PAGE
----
The authors recognize and relate the critique of the Anthropocene to their critique of both capitalism and sovereignty. “One way or another, however reluctantly, the logic of capital in the Anthropocene points toward planetary sovereignty.” (2018, 122). Later on they remark that “the Anthropocene, the era that now puts all humans on the same geological age” ignores the fact that the “world’s peoples live in a multitude of geo-ecological times despite our planetary ‘simultaneity,’ and the forces that have helped shape those worlds are not reducible to ‘humanity’ in general, but to particular natural-historical social formations.” (2018, 174).
Crucially, however, Mann and Wainwright do not disagree with the other central claim embedded in the concept of the Anthropocene, the appreciation of social impacts on what are otherwise considered natural or “non-human” systems. Indeed, they pull in Gramsci’s problematization of social and natural history to argue that “‘nature’ and ‘society’ are inseparable, active relations. And these relations are themselves inextricable from the processes through which we forge critical conceptions of the world” (2018, 91).
This picture of the Anthropocene closely aligns with perspective outlined by Elinoff and Vaughan in their discussion of Quotidian Anthropocenes (forthcoming), and reinforces both the analytic and political purchase of ethnographic investigations into the unique cultural and political struggles to respond to the particular configurations of anthropocenics that characterize discrete locales. Such investigations not only problematize top-down or one-size-fits-all policies of climate protection or adaptation, but they also appreciate the potential for keen political insight to develop “organically” (in Gramsci’s sense of the term) in the social formations springing up around local issues.
And, while recognizing a potential disciplinary bias, I believe these insights point to method for answering one of Mann and Wainwright’s questions: “A key question, then, is what the focus of a critical reconstruction of our conception of the world should be. What are the essential common senses we must undo to see the future for which we must struggle?” The focus that I would propose entails ethnographic engagements with place, but ones that are both and simultaneously multi-sited and multi-sighted (Marcus 1995).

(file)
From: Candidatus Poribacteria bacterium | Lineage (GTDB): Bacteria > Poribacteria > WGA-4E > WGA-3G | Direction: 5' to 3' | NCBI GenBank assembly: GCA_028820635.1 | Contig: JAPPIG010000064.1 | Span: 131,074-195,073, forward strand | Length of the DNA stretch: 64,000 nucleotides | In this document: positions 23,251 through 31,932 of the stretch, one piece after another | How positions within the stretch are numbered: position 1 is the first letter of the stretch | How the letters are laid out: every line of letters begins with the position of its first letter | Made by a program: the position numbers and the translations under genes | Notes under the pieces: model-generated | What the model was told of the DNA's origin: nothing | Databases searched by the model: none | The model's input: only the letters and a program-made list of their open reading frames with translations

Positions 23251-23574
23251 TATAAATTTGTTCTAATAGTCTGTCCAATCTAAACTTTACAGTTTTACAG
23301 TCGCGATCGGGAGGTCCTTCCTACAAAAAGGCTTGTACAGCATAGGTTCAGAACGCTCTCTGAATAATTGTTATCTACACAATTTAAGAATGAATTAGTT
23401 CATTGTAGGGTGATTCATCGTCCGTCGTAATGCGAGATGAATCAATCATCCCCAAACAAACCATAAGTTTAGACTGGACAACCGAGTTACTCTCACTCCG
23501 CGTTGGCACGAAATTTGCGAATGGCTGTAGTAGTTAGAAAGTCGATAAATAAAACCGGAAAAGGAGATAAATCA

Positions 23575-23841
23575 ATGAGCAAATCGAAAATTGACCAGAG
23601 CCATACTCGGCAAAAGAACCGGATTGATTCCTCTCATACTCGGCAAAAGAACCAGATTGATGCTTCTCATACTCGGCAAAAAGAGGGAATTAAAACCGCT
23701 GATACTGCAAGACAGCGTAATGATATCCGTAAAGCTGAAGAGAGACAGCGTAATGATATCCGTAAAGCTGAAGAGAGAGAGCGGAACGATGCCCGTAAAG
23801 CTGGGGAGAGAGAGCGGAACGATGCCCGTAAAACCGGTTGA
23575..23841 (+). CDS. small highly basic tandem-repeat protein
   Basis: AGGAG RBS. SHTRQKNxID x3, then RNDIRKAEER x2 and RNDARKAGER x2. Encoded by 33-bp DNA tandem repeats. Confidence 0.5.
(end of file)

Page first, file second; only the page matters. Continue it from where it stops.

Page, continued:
Wainwright and Mann are astute macro-political theorists but they seem less reflexive and critical of the way in which they scale their politics.
What is obviously necessary is a means of governance that is not beholden to modern state sovereignty, at the same time that this necessity is denied by some of those very sovereign states. … The scale of the problems is so great, it seems impossible to confront them without the state, but it seems just as impossible that the state as currently constituted is going to get the job done. We face a situation in which there is, under current geopolitical and geoeconomic arrangements, no right answer” (2018, 119-120).
The experimental promise of Anthropology as Cultural Critique (Marcus and Fischer 1986) lay in the innovative solutions that were being generated in response to the problem of keeping the world system of political economy in the same analytical frame as the cultural and symbolic systems that were unique to the researcher’s object of study (see also Fortun 2003, 2009). In sum, multi-sited fieldwork, enabled through complex objects of study and creative research designs, presents the opportunity to perturb our commonsense politics of scale. And, at another level, collaborations across research projects enables further appreciation of “how to reshape a conception of the political in a very hot [polluted, disease-ridden, etc.] world” (Wainwright and Mann 2018, 95).